The 2021 NFL Draft season is upon us and the first wave of free agency is now over. Now, scouts, coaches, and general managers will hit the road as all eyes will turn to the draft.
Among the 32 teams building their rosters to compete for the next Lombardi Trophy is the Jacksonville Jaguars, who hold 10 picks in this season’s draft -- including the No. 1 overall pick. The Jaguars are entering a new era under Head Coach Urban Meyer, and the 2021 draft will serve as a catalyst to the Jaguars’ rebuild moving into the future.
As we march closer and closer to April’s draft, we will look at individual draft prospects and how they would potentially fit with the Jaguars. Instead of looking at any negatives, we are going to look at what the players do well and if they could match what the Jaguars need at the specific role or position.
In this edition, we review Notre Dame linebacker Jeremiah Owusu-Koramoah, one of the most athletic and versatile linebacker prospects to enter the league in recent years. Does his rare skill set make sense for the Jaguars at No. 25 overall?
One of the most exciting defensive prospects in this year's draft, Owusu-Koramoah (6-foot-1, 221 pounds) entered college with a bit less hype. Ranked as a three-star prospect in the 2017 recruiting class by 247 Sports, Owusu-Koramoah committed to Notre Dame after getting offers from Michigan State, Virginia, and Appalachian State.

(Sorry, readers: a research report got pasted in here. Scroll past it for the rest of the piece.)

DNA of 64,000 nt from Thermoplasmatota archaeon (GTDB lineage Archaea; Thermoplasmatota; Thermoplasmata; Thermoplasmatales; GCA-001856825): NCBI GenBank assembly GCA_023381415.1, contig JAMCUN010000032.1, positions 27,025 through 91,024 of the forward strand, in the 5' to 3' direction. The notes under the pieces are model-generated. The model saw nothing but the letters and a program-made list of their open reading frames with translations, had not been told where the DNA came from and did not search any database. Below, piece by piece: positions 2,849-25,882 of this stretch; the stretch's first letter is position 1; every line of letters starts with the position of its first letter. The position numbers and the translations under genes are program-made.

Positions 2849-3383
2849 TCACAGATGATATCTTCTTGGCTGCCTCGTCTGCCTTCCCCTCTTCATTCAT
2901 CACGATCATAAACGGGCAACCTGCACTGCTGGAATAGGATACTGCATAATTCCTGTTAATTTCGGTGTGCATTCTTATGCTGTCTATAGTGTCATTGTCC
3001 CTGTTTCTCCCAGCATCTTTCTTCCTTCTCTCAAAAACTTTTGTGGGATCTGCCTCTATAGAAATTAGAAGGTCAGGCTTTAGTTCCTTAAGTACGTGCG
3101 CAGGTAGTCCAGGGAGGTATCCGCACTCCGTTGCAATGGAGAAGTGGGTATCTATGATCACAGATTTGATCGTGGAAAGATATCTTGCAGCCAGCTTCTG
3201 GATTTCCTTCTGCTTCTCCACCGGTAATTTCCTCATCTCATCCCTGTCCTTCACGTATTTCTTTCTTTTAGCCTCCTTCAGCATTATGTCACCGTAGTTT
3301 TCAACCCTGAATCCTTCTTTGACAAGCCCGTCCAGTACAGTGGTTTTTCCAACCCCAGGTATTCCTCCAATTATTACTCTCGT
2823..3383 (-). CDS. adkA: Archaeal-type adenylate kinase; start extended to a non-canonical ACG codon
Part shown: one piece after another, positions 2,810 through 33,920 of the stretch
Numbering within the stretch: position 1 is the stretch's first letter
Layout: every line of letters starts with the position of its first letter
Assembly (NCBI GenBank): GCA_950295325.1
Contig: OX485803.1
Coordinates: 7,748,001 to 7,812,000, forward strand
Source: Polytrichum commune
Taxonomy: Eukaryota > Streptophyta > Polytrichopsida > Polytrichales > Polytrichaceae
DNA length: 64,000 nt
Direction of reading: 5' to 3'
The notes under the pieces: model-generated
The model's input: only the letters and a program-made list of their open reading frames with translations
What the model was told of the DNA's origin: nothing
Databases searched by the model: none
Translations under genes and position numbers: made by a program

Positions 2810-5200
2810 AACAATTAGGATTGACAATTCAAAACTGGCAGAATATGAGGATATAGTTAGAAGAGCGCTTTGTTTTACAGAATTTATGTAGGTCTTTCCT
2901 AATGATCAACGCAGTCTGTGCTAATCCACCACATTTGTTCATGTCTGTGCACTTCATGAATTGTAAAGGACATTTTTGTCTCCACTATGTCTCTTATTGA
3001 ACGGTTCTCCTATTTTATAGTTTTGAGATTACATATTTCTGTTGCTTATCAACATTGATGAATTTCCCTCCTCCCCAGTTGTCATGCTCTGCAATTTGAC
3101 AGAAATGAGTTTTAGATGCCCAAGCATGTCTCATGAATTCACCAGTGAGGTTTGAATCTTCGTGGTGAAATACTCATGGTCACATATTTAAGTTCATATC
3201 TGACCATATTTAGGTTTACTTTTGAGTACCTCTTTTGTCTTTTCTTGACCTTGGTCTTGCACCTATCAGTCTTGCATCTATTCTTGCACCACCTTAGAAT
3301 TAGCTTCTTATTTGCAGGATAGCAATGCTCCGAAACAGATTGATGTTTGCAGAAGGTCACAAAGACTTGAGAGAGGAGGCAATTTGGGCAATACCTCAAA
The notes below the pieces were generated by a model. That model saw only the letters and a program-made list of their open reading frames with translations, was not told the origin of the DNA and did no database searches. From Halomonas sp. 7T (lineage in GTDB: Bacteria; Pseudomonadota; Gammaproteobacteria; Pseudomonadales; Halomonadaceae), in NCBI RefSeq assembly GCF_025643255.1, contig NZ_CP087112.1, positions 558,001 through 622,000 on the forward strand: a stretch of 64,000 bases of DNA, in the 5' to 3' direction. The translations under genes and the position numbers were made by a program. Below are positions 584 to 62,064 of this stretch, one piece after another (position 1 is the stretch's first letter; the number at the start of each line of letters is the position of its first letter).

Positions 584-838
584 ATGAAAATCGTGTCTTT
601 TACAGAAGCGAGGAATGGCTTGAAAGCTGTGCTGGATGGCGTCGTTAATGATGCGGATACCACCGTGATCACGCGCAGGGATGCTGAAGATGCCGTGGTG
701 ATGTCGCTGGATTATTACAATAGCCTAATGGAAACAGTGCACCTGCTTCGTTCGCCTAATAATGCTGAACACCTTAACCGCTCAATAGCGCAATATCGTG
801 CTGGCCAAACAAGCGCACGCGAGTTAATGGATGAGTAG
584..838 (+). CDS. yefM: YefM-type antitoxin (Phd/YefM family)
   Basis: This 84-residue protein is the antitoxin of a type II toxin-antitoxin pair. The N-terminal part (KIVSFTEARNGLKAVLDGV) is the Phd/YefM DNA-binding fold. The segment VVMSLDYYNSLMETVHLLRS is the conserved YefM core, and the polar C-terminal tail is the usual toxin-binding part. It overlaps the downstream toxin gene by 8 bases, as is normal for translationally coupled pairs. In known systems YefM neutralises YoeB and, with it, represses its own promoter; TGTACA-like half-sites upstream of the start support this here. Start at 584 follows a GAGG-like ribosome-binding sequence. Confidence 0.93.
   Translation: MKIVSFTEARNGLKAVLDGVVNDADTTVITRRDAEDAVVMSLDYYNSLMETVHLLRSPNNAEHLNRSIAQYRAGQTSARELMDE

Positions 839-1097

Owusu-Koramoah played in just two games in his first two seasons on campus, but he rose to the rank of impact starter in his junior season in 2019. In 13 starts as a junior, Owusu-Koramoah collected 80 tackles, 13.5 tackles for loss, 5.5 sacks, two forced fumbles, and four pass deflections. He led the team in tackles, sacks, and tackles for loss, doing all of it from the linebacker position.
2020 proved to be yet another productive season for Owusu-Koramoah. He was voted a first-team All-American after recording 62 tackles, 11 tackles for loss, 1.5 sacks, three forced fumbles, four pass deflections, and one interception in 12 games. He was voted ACC Defensive Player of the Year and was once again the team's leader in tackles for loss.
What Jeremiah Owusu-Koramoah Does Well
If you liked Isaiah Simmons last season (he was my No. 4 overall prospect), then you will like Jeremiah Owusu-Koramoah. He may not be as big or as fast, but they win in similar ways and can offer similar schematic advantages to their defenses. In fact, there are a lot of reasons to feel more confident with Owusu-Koramoah's transition to the NFL because he excels in a few areas that Simmons struggled in, such as how he attacks blocks at the line of scrimmage.
Owusu-Koramoah played a box defender role for Notre Dame, serving as a slot defender who held both linebacker and safety responsibilities. He was able to be deployed in such a versatile way due to rare athleticism that gives him a chance to make game-changing plays at a whim. Owusu-Koramoah pops off the screen with his electric speed at the second level (he posted an 8.71 RAS, per Kent Lee Platte).
Owusu-Koramoah's first step is the definition of explosive. In fact, there are instances where he legitimately moves too fast. He eats up ground with ease laterally and moving both forward and backward, giving him a ton of range against both the run and the pass. He was a terror for Notre Dame's defense when runs spilled outside and his dynamic speed and agility make him a dangerous blitzer as well. Overall, he is an extremely fluid athlete with the long speed, burst, and change of direction to operate in space at all levels of the field.